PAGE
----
In an interesting look at evolution in action, a research team led by University College London has discovered around 50 percent of people carry a gene mutation that helps lower blood sugar levels. It is suggested humans evolved this mutation as we developed cooking and farming practices, and it may protect against the onset of diabetes.
The research grew out of an investigation into a gene called CLTC1, which controls production of a protein called CHC22. This protein regulates the mechanism by which glucose moves out of our blood and into our fat and muscle tissue. Looking at ancient human DNA, a number of different animal species, and the genomes of more than 2,500 modern humans, the researchers discovered the mutation in the CLTC1 gene seemed to appear in humans around the time we started cooking our food 450,000 years ago.
The gene mutation produces an altered expression of the CHC22 protein which lowers the efficacy of this glucose transportation process between blood and muscle or fat.
This essentially means the mutation helps clear glucose more rapidly from our blood after a meal.
“The older version of this genetic variant likely would have been helpful to our ancestors as it would have helped maintain higher levels of blood sugar during periods of fasting, in times when we didn’t have such easy access to carbohydrates, and this would have helped us evolve our large brains,” says Matteo Fumagalli, first author on the new study.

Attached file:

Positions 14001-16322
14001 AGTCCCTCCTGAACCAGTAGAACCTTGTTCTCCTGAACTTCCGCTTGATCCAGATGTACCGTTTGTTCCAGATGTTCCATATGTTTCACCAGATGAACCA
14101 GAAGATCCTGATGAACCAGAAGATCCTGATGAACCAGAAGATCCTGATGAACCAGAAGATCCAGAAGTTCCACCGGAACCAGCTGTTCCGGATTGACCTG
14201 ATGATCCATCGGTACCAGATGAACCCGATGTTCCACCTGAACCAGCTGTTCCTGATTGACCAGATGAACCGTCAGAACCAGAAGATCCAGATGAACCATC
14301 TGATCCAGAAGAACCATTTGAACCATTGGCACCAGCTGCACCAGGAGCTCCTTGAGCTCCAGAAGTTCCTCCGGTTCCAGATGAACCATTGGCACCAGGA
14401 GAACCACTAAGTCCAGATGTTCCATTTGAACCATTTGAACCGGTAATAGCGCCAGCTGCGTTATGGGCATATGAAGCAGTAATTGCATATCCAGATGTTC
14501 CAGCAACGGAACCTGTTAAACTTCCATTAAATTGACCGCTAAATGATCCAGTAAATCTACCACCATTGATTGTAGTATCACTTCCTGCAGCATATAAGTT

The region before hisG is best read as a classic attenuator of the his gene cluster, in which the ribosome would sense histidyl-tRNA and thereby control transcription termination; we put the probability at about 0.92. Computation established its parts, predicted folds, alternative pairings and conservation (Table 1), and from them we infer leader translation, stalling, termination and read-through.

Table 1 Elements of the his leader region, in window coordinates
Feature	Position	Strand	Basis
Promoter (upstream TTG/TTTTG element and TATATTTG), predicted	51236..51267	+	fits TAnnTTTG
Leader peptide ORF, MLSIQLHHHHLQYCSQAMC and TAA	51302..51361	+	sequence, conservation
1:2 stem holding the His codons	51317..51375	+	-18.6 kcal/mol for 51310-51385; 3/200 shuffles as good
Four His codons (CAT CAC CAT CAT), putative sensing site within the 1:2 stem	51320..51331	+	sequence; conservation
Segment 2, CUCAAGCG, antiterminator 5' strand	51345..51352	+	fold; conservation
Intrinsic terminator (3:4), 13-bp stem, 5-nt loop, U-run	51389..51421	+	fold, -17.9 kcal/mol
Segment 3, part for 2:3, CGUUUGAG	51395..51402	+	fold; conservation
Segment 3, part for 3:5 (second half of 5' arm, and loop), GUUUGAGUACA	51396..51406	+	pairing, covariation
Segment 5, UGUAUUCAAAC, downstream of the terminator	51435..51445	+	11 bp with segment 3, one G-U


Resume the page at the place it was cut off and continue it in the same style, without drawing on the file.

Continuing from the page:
The newer mutation in the CLTC1 gene was found to initially arise in ancient humans, but the researchers note it becoming more frequent as farming increased in prevalence over 10,000 years ago. As carbohydrates became more readily accessible in our diets, the need to more efficiently clear glucose from our blood increased the spread of this highly specific gene mutation.
“Our analyses strongly suggest that we have found yet another example of how prehistoric changes in dietary habits have shaped human evolution,” explains Mark Thomas, co-author on the study. “Understanding how we have adapted to these changes doesn’t only inform us about why people lived or died in the past, but also helps us to better understand the relationship between diet, health and disease today.”